The first school in Goodsprings was established m 1907 in a tent southwest of the Yellow Pine store with Miss Winifred Hardy as the teacher. The doors of Goodsprings School opened in September, 1913, to the sound of the bell on its roof. The one-room structure was built by C.W. Price for the total of $2,000. There was a small cloak room just inside the front door and a small library beside that. Outhouses were in the back. The teacher, Miss Katherine Williams, was paid $100 per month, $5 of that was for her janitor work. ~ In 1916, it was necessary to add two rooms onto the back of the school. For the sum of $2,305 Dodds & Williams received the contract This addition became the classroom area of the school while the front room was saved for assemblies and socials. At this time a janitor was hired, and the teacher was removed from that duty. ~ Over the years the school has been remodeled inside and outside, but the basic structure still stands today, including the bell. The school is still in use today.
The first permanent building in Goodsprings dates from 1886. It was built of stone by A.G. Campbell, Jonas Taylor and William Smith who were prospecting in the area. A.G. Campbell was a wealthy mining promoter from Utah who had extensive mining and property holdings in the area including much of the Goodsprings townsite and the Keystone, Argentena Golden Chariot and Barefoot mining properties. Jonas Taylor was a prospector whose properties included the Shenandoah and Honduras. A.E. Thomas occupied this house from 1896-1898 and was the only permanent resident of Goodsprings during that time.
The buildings on this site date from 1915 and originally included the Jensen and Crampton store, the assay office and the home of Justice of the Peace Phil Springer. In 1920, Otto F. Schwartz bought the buildings and the Schwartz General Mercantile store occupied this site until 1934 when the inventory was sold to Pat Sheahan who opened a store in the old Fayle store across from the Pioneer Saloon. Otto and Cora Schwartz were married in 1917 in this building that would be their family home until Cora's death in 1980. The store and house burned in 1988.
The State of Nevada recognized Goodsprings as a historical site with this marker. The marker was placed next to a wooden military barracks building that was moved from Tonopah in the 40's. This building has served as a community center, church and post office.
The cabin at the cottonwood tree has been used as a logo for Goodsprings for many years. The cottonwood tree was probably planted by Joseph Good or another early settler in the 1890's. The cabin has been on this site since 1910 and was first occupied by Jesse Knight and later by Dick Duncan, Johnny Carter, Sarah Williams, George Bardwell and Mickey Egger.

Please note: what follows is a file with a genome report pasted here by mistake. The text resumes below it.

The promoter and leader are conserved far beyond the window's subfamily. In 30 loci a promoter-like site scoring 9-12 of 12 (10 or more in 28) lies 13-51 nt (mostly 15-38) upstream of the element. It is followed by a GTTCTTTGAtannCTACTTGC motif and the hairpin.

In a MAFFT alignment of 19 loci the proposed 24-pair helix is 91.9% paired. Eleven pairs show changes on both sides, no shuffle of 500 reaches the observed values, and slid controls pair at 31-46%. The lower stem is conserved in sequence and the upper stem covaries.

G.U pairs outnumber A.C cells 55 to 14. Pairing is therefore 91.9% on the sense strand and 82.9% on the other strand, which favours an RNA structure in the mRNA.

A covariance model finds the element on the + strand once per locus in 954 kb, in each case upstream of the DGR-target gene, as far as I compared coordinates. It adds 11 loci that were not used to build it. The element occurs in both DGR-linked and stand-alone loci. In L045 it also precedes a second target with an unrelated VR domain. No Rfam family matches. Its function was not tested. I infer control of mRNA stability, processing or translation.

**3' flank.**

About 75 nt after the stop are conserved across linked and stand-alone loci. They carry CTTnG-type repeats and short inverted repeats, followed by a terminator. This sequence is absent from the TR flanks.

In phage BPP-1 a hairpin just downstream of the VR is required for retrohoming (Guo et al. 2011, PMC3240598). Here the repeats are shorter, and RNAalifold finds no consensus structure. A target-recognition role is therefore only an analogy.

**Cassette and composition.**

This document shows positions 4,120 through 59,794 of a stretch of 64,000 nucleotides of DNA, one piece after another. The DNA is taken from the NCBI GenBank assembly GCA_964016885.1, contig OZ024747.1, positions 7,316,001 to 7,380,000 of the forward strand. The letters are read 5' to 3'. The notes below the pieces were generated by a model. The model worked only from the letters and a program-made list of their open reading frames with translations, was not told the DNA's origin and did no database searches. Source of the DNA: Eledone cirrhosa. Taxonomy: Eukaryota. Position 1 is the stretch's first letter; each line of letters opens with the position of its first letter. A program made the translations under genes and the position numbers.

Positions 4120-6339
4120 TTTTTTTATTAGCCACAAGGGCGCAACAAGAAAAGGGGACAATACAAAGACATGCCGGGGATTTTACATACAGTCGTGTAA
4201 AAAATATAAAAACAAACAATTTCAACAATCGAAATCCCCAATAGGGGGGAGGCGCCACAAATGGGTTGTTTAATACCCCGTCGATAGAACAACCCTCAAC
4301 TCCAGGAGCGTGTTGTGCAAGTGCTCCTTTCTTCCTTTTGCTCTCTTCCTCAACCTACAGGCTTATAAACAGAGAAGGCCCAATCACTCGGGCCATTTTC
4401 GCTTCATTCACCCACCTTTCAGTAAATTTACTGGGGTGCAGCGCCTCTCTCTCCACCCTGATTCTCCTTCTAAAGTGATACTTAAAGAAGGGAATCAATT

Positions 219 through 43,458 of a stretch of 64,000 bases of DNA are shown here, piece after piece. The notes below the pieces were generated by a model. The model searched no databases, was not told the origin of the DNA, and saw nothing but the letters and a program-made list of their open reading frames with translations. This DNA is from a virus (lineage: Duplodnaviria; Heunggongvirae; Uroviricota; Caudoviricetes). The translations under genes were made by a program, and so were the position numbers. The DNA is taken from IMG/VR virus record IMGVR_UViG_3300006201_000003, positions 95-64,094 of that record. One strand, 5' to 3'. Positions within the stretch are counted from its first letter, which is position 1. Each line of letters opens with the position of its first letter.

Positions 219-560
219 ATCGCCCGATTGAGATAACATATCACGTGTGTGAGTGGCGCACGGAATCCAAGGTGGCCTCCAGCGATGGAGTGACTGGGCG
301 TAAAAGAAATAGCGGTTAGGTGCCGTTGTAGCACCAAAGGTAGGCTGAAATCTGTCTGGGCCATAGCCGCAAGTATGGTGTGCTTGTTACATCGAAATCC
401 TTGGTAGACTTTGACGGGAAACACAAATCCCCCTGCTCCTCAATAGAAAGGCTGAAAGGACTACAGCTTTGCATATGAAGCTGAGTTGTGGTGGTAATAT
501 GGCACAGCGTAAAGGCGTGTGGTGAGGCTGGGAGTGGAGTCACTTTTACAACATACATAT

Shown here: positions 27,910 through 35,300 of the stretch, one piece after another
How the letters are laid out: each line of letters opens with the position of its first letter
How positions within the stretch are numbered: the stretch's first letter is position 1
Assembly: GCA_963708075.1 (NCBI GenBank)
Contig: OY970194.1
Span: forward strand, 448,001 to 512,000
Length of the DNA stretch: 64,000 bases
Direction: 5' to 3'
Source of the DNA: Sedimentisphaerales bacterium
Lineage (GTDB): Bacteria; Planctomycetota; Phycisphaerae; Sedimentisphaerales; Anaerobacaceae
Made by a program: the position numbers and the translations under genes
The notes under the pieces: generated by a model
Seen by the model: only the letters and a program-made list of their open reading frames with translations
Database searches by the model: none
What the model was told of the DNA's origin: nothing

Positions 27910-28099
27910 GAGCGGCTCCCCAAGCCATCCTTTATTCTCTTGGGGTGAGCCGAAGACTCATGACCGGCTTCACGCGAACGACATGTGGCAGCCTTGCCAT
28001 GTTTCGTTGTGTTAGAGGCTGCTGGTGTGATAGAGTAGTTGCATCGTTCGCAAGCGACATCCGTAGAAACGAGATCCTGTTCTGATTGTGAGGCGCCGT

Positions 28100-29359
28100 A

This spring area was first used by Anasazi and Paiute Indians. It sustained the first mule train that pioneered the pack route later known as the Old Spanish Trail between Santa Fe and Los Angeles. Antonio Armijo "commander for the discovery of the route to California" camped here with 60 men and 100 mules on January 11, 1830 He called it "Ojito de Tortuga" or Little Spring of the Tortoise". The spring was later named Good's Spring after Joseph Good, a miner and cattleman, who settled in the area in the 1860's. The spring site extended from the cottonwood closest to the state highway (100 yards west of the Pioneer Saloon) to this monument. The largest cottonwoods were planted at the water sources by Good.
A large 2-story hotel was built on this spot in 1916 at a cost of $27,000. The elegant 20 room Fayle Hotel (built by George Fayle) had electric lights, hot and cold running water and steam heat. The hotel burned in 1966.
The Pioneer Saloon was constructed in 1913 by George Fayle. This unusual building has pressed tin sheeting covering its exterior and an impressive cherry wood bar. The Pioneer was one of 7 saloons that operated during Goodsprings' heyday in 1916-7, but it is the only one remaining.
In 1910, the Yellow Pine Mining Corporation purchased this mill site from the Mineral Union Co. to build a concentrator for ores. The remains of the mill can be seen in this area. The site included housing, a store, and an assay office as well as the mill. The Yellow Pine Mine Railroad, a narrow gauge railroad connecting the Yellow Pine Mine to this mill and the mill to the railroad at Jean, was completed in August 1911. Remains of the grade are visible here and can be followed through town, to the mine and to Jean.
As you leave Goodsprings, stop by the town cemetery to view the graves of many early pioneers. The oldest marked grave is that of Anna Nimmer who was buried here in 1890. The cemetery land was donated to the town in 1913 by A.J. Robbins.